The new president enjoys majorities in both houses of the Mexican Congress, and his party also controls the mayoralty of Mexico City, the capital. Some have expressed concern about a concentration of power not seen in Mexico since the heyday of the Institutional Revolutionary Party, which dominated Mexican politics for much of the 20th century.

Among other promises made Saturday, Mexico’s new president vowed to set up a commission to investigate one of Mexico’s most enduring mysteries — the disappearance of 43 teacher trainees in 2014 in western Guerrero state. The so-called Ayotzinapa case has become a rallying cry for human rights activists and others who suspect government complicity in the students’ disappearance.

Lopez Obrador said he was also asking legislators for a constitutional reform to allow for the creation of a national guard “with complete respect for human rights” to assist in maintaining public security. Lopez Obrador has previously conceded the need to keep military troops on the streets — where they have patrolled for more than a decade — because of the inability of ill-paid and corruption-ridden Mexican police to stand up to well-armed criminal gangs.

Notably not present for the inauguration ceremony was Venezuelan President Nicolas Maduro. He was expected to attend a lunch at the National Palace.

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Earlier, lawmakers from the center-right National Action Party had mounted a banner in the congressional palace saying that Maduro “was not welcome” in Mexico.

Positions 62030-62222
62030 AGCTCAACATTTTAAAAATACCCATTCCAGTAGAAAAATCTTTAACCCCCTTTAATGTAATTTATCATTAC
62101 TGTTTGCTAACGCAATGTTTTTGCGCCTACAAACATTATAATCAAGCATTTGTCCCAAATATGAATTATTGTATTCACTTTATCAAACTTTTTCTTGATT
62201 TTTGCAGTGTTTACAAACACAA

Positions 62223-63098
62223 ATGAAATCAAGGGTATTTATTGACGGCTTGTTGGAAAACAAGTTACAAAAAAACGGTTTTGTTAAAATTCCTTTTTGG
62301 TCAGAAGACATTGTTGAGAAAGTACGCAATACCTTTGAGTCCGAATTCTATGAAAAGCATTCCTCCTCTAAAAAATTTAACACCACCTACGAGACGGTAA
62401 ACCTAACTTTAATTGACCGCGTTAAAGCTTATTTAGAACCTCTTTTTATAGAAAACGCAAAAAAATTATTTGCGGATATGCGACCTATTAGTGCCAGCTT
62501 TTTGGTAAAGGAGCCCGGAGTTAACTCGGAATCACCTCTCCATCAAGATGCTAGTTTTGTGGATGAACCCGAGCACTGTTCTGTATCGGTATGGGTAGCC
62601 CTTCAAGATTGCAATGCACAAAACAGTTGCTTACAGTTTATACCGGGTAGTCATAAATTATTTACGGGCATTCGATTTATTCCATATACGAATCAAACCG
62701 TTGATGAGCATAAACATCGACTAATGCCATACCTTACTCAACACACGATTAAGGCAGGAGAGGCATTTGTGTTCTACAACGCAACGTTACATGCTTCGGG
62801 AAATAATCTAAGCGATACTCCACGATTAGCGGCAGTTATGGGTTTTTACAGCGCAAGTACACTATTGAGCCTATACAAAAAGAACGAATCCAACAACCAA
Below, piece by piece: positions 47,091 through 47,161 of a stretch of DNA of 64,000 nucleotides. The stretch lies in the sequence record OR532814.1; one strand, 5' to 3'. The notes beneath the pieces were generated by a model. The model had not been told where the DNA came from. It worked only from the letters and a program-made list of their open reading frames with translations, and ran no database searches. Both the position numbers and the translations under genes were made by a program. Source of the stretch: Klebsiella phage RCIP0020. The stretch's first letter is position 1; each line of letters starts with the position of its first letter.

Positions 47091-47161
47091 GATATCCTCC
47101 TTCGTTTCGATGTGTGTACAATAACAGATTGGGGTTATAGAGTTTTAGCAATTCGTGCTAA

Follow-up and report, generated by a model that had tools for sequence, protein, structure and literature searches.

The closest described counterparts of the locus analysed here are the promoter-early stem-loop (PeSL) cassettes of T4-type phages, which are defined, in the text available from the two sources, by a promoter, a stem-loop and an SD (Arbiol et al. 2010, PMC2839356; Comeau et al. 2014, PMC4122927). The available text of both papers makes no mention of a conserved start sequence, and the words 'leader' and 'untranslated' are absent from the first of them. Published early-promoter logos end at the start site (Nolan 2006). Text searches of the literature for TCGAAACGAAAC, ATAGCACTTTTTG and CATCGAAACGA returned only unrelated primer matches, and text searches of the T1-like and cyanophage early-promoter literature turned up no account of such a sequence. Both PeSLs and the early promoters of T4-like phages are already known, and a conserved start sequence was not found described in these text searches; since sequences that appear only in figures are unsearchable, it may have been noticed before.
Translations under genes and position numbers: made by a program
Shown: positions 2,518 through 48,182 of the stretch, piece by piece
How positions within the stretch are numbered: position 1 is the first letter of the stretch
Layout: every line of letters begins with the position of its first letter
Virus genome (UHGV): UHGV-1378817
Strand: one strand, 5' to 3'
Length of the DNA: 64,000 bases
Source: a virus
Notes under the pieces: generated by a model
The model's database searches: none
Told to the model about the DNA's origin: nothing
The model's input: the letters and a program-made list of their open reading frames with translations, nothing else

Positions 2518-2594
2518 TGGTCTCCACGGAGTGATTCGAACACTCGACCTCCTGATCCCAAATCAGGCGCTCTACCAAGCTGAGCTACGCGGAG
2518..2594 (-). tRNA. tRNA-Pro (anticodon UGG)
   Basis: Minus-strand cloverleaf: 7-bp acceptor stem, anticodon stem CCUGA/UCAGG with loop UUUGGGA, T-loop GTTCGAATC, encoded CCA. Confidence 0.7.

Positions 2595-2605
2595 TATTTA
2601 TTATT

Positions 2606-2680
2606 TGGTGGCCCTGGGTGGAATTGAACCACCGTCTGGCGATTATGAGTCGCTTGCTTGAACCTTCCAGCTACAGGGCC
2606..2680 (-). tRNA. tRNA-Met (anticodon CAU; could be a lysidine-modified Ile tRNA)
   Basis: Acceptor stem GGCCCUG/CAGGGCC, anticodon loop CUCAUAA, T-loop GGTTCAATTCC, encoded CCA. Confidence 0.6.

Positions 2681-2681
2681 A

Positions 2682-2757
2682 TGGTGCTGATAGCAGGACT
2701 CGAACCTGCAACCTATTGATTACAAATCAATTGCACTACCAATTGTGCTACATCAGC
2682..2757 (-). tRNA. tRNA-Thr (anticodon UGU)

Among the dignitaries who traveled to Mexico City for the inauguration was U.S. Vice President Mike Pence.

As promised, the Mexican government opened the gates of the longtime presidential palace, Los Pinos, six miles west of downtown, to the public, prompting many families to flock to what had for decades been a heavily guarded structure. Visitors watched Lopez Obrador’s speech on giant screens in the verdant gardens.

People passed through without security checks and strolled onto the grounds, snapping selfies in wonderment at sudden access to a long-restricted site.

Lopez Obrador has said that he will first live at home, then in the National Palace downtown, and that Los Pinos will be transformed into a public space for cultural events.

Lopez Obrador, who has pledged to run an austere government, arrived for his inauguration in his now-familiar Volkswagen sedan, in a phalanx of vehicles flanked by police and press motorcycles.

By contrast, Peña Nieto arrived in a convoy of black SUVs and emerged at the congressional palace amid a coterie of security officials.

Later, well-wishers lined the streets of the capital as the white sedan took Mexico’s new president to the National Palace downtown. After a lunch with dignitaries, Lopez Obrador was expected to address the multitudes gathering in Mexico City’s zocalo, or central square.

Cecilia Sanchez of The Times’ Mexico City bureau contributed to this report.

3:55 p.m.: This article was updated with information on Lopez Obrador’s plans for a national guard.

This article was originally published at 2:55 p.m.